The American middle class, more than any other group, defines and embodies the contemporary international vision of the "good life." Yet the way this class of people lives is among the world’s premier environmental problems, and may be the most difficult to solve.
Only population growth rivals high consumption as a cause of ecological decline, and at least population growth is now viewed as a problem by many governments and citizens of the world. Consumption, in contrast, is almost universally seen as good—indeed, increasing it is the primary goal of national economic policy. The consumption levels of the past two decades are the highest achieved by any civilization in human history. They manifest the full flowering of a new form of human society: the consumer society.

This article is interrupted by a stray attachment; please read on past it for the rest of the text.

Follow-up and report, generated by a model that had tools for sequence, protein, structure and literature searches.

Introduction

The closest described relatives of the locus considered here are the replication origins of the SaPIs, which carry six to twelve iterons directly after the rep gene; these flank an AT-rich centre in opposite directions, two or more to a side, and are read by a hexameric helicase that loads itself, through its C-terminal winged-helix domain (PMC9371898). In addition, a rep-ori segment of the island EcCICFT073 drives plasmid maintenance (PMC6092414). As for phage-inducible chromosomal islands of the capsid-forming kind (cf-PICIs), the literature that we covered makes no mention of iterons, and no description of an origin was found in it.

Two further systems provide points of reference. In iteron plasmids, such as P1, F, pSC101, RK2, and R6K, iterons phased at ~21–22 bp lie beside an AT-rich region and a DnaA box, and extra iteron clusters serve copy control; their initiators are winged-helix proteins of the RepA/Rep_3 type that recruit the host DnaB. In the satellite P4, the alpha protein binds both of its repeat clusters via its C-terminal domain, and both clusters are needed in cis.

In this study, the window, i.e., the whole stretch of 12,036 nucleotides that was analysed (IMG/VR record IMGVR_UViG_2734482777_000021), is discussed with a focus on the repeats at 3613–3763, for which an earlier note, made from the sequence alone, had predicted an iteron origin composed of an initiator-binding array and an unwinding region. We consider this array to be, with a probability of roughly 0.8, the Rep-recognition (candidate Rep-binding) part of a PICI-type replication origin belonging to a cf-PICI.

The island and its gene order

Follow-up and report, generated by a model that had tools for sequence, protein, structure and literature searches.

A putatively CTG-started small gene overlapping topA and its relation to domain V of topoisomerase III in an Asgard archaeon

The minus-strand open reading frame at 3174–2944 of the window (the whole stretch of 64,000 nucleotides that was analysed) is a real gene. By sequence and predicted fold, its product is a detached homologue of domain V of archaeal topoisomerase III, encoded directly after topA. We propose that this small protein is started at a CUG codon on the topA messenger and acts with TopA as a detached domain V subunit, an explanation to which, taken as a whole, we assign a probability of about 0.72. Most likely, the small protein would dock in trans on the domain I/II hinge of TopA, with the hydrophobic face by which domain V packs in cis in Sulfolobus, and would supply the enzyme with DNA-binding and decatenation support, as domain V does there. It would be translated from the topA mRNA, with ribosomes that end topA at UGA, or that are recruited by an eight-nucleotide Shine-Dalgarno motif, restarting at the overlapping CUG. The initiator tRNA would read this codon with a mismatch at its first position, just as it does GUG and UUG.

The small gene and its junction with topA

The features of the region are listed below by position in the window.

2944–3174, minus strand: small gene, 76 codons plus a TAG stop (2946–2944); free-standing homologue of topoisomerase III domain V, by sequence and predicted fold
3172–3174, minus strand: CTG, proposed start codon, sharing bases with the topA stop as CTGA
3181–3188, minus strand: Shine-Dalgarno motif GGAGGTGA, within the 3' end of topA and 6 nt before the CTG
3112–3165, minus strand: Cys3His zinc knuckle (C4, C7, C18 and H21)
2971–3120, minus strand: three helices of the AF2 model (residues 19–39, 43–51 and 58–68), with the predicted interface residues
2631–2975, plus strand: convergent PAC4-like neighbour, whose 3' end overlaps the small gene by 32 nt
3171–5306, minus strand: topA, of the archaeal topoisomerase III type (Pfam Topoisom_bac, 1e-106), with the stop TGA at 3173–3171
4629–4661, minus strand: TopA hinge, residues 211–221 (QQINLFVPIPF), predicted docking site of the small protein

This new manner of living was born in the United States, and the words of an American best capture its spirit. In the age of U.S. affluence that began after World War II, retailing analyst Victor Lebow declared: "Our enormously productive economy...demands that we make consumption our way of life, that we convert the buying and use of goods into rituals, that we seek our spiritual satisfaction, our ego satisfaction, in consumption....We need things consumed, burned up, worn out, replaced, and discarded at an ever increasing rate." Most citizens of Western nations have responded to Lebow’s call, and the rest of the world appears intent on following.
The gaping divide in material consumption between the fortunate and unfortunate stands out starkly in their impacts on the natural world. The soaring consumption lines that track the rise of the consumer society are, from another perspective, surging indicators of environmental harm. The consumer society’s exploitation of resources threatens to exhaust, poison, or unalterably disfigure forests, soils, water, and air. We, its members, are responsible for a disproportionate share of all the global environmental challenges facing humanity.